From “day one,” Noel Manor Living’s first memory care facility was full.
The solution lies in a new facility just around the corner from its Prairie Way Blvd. campus, at The Legacy at Noel Manor, 435 Prairie Oaks Drive. The new 32-room facility is designed specifically for people with memory care-related illnesses like dementia and Alzheimer’s.
Katie Rasmussen, director of Noel Manor, told the Press that only two-and-a-half years after Noel Manor was finished, there was additional need in the community for a facility centered on memory care.
“We’re going to transition our current memory care over here, so it essentially doubled our memory care (services),” she told the Press in January before The Legacy opened.
As of Jan. 28, the new facility is licensed by the state for 42 patients, Rasmussen said, while the original memory care facility held 16 at most.
The facility consists of 32 private studio apartments with a shared common area, dining room, lounge and outdoor patio. The building only has studio rooms, Rasmussen said, because with the original memory care unit, staff were finding that the one- and two-bedroom layouts weren’t being fully used, as patients were instead out engaging with staff and others.
The building was designed with the needs of memory care patients in mind, with low-tread carpeting to keep floor surfaces as consistent as possible, open layouts so patients don’t feel “boxed in” and barn doors in the apartments to eliminate obstacles for patients who are wheelchair-bound and to give the facility a home-y feel.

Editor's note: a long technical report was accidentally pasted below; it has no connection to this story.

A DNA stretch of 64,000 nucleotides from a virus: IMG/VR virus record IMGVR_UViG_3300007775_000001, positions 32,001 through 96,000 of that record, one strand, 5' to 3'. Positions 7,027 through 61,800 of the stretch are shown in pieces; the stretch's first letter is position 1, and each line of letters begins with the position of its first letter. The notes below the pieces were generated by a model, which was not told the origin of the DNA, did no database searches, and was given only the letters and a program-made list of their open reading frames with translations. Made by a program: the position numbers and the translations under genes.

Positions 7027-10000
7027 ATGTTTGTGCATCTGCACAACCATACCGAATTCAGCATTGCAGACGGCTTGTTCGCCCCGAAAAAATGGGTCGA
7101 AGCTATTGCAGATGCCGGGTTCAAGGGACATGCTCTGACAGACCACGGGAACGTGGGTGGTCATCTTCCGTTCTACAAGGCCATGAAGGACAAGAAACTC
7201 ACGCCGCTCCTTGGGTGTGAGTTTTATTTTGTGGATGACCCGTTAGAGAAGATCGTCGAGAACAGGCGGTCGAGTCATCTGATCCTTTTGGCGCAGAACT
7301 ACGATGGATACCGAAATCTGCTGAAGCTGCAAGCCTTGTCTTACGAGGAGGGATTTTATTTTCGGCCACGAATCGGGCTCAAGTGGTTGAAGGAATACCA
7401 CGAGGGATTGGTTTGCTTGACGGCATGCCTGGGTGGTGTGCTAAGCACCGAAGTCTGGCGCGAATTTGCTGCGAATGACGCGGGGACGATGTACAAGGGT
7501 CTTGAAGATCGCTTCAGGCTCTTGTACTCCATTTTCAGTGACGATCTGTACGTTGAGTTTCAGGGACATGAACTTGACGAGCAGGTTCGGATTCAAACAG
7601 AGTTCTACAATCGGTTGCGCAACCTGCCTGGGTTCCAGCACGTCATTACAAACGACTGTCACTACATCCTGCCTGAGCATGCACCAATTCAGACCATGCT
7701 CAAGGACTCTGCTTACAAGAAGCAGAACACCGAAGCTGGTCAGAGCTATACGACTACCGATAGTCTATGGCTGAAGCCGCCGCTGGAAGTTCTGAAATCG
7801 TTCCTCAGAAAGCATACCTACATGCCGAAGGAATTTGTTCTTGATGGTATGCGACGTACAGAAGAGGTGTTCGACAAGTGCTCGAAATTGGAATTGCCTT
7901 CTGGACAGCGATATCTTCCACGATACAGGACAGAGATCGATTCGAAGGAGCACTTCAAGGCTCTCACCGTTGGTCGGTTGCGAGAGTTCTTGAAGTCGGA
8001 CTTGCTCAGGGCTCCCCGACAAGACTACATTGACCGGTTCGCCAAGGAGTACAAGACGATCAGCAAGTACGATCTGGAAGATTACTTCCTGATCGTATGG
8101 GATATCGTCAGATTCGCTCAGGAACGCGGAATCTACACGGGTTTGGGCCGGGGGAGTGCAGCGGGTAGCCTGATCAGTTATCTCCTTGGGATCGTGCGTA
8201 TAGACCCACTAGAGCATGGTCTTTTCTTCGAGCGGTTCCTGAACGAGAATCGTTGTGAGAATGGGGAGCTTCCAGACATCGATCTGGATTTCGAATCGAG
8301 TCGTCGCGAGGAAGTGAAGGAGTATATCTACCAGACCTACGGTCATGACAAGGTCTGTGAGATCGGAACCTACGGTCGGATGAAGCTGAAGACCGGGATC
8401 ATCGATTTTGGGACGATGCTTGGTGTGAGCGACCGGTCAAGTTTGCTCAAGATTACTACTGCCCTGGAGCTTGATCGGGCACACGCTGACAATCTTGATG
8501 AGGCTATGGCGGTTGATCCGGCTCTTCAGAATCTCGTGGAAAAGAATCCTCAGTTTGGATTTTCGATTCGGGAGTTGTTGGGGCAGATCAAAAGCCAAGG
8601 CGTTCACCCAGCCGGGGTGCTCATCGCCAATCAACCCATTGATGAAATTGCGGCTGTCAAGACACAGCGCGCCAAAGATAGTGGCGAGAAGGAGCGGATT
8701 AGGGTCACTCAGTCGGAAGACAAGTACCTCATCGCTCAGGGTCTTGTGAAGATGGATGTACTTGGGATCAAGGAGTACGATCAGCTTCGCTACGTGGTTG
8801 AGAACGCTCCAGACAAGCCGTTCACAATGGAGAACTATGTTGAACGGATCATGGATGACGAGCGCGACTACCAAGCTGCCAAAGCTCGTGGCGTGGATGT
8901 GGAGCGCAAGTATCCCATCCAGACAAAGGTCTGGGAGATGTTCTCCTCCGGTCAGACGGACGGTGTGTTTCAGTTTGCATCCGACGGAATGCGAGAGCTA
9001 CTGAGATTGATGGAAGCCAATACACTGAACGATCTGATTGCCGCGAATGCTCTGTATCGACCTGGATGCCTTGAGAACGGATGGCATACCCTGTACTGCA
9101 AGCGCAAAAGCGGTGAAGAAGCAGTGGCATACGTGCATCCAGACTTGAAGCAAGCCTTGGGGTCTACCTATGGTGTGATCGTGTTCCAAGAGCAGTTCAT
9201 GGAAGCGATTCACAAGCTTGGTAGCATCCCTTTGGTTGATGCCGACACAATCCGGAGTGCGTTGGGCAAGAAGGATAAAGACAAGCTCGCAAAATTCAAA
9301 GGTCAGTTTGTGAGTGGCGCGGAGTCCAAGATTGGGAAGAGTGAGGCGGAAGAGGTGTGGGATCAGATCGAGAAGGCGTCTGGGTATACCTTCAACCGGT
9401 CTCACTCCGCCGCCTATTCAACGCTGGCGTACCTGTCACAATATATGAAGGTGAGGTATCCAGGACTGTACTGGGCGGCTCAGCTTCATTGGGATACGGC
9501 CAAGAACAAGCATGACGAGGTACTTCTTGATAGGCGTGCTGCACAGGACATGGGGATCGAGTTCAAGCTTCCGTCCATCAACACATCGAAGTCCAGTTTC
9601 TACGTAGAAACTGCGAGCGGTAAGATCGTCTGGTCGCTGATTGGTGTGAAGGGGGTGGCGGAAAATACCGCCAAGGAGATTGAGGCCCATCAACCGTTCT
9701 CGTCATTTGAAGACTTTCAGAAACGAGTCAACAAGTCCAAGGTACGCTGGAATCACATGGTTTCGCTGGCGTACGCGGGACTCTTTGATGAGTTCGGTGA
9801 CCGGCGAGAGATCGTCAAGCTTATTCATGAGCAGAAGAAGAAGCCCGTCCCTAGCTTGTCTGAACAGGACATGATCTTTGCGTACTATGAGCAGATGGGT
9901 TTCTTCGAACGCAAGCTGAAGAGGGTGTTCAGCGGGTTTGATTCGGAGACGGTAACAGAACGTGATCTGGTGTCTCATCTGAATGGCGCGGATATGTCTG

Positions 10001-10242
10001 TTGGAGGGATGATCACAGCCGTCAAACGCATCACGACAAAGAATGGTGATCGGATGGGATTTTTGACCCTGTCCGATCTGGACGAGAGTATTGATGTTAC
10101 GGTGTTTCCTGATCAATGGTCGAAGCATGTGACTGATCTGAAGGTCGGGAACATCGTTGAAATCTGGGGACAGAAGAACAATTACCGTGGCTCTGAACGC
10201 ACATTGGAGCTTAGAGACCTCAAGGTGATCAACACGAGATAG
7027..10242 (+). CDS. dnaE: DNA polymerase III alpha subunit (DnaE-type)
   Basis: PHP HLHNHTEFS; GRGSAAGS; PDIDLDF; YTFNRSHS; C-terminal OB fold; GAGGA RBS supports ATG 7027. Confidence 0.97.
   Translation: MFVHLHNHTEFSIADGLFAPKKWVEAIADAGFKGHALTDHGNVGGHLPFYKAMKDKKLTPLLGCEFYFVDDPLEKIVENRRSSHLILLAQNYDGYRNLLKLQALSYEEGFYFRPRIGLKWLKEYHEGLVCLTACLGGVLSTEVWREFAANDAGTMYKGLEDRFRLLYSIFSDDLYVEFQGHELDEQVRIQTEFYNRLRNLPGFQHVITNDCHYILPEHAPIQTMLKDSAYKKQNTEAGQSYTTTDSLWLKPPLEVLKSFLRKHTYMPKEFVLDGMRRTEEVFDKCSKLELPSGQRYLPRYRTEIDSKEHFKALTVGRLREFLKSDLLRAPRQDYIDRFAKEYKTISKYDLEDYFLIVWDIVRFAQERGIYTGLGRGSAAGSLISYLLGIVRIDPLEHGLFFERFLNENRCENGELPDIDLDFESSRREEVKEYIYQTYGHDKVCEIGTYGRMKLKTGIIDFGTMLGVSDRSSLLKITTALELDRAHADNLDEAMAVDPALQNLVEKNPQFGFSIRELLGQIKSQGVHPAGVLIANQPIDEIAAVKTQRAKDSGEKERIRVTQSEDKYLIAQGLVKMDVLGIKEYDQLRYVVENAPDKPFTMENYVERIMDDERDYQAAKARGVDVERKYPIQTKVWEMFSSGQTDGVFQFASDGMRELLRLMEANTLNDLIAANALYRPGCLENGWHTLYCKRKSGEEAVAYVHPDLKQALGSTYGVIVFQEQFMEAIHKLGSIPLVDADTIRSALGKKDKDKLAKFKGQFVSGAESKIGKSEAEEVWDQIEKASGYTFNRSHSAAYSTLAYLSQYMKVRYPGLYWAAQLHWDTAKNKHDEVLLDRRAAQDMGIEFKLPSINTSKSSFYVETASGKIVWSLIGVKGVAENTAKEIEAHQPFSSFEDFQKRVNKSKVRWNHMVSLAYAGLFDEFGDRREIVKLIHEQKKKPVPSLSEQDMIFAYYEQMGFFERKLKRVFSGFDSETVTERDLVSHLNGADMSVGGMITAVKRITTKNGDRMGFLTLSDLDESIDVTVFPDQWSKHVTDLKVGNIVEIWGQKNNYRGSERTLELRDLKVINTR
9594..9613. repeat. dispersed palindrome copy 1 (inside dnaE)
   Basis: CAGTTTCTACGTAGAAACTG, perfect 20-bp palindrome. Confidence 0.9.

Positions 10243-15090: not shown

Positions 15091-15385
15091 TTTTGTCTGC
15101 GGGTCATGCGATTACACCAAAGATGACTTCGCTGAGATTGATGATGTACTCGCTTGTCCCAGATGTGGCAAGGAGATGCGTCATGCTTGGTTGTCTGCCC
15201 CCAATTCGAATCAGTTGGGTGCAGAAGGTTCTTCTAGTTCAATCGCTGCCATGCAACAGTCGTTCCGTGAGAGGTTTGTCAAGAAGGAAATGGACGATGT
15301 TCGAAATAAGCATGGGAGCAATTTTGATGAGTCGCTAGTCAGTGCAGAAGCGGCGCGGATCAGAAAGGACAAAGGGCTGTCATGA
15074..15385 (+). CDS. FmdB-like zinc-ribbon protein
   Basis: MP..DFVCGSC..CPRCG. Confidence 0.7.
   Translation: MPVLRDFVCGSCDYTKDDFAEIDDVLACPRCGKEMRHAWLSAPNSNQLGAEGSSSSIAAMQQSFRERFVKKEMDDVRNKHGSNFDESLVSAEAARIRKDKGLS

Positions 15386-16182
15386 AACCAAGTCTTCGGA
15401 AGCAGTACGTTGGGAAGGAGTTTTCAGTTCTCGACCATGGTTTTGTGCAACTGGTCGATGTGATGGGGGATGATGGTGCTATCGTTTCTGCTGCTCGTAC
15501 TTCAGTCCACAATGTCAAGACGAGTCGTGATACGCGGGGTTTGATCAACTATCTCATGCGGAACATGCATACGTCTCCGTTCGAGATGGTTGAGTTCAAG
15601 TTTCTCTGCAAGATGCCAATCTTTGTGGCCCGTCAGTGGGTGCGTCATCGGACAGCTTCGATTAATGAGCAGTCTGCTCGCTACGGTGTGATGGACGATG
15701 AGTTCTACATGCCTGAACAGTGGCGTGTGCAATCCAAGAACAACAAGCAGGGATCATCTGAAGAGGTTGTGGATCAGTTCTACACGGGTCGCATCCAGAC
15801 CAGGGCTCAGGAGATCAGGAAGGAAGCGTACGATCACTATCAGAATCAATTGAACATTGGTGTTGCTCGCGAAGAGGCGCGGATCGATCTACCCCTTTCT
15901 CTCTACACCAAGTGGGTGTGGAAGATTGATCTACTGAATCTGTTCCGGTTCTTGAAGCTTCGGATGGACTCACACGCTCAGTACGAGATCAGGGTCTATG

Even the layout of the hallways, with two wings of 16 apartments going each way from the common spaces, is designed to make memory care patients more comfortable, Rasmussen added, as looking down a long hallway can be “daunting” for a person with dementia or Alzheimer’s.
“The owners selected an architect that has experience building senior housing, and focused more on dementia-specific,” she said. “They wanted to make sure there was a lot of common area space and room for them to be in a group.”
The facility is staffed 24 hours a day, and includes additional amenities like a beauty salon and barber shop on-site, housekeeping and laundry services and faith-based activities.
The building is reflective of societal trends, marketing director Alissa Gauger said, as the rooms include cable jacks and wireless Internet – all amenities the Baby Boomer generation has gotten used to outside before coming to The Legacy.
“We’re seeing Boomers aging, and there’s an increasing percentage of people who are diagnosed with dementia,” she said.
The goal of both facilities, both the original Noel Manor Living building and the The Legacy, is to reduce the “institutional” feel and to create a place where people can feel like their dignity is being upheld as they age, Rasmussen said.
“A ton of people were surprised at how beautiful it is, and how much care and attention to detail the owners put into making it … look very nice and comfortable for people, even though maybe they’re not aware of it when they live here,” she said. “We just want to make sure it doesn’t matter what their disease is, everyone deserves that quality of life … we want them to feel like it is their home.”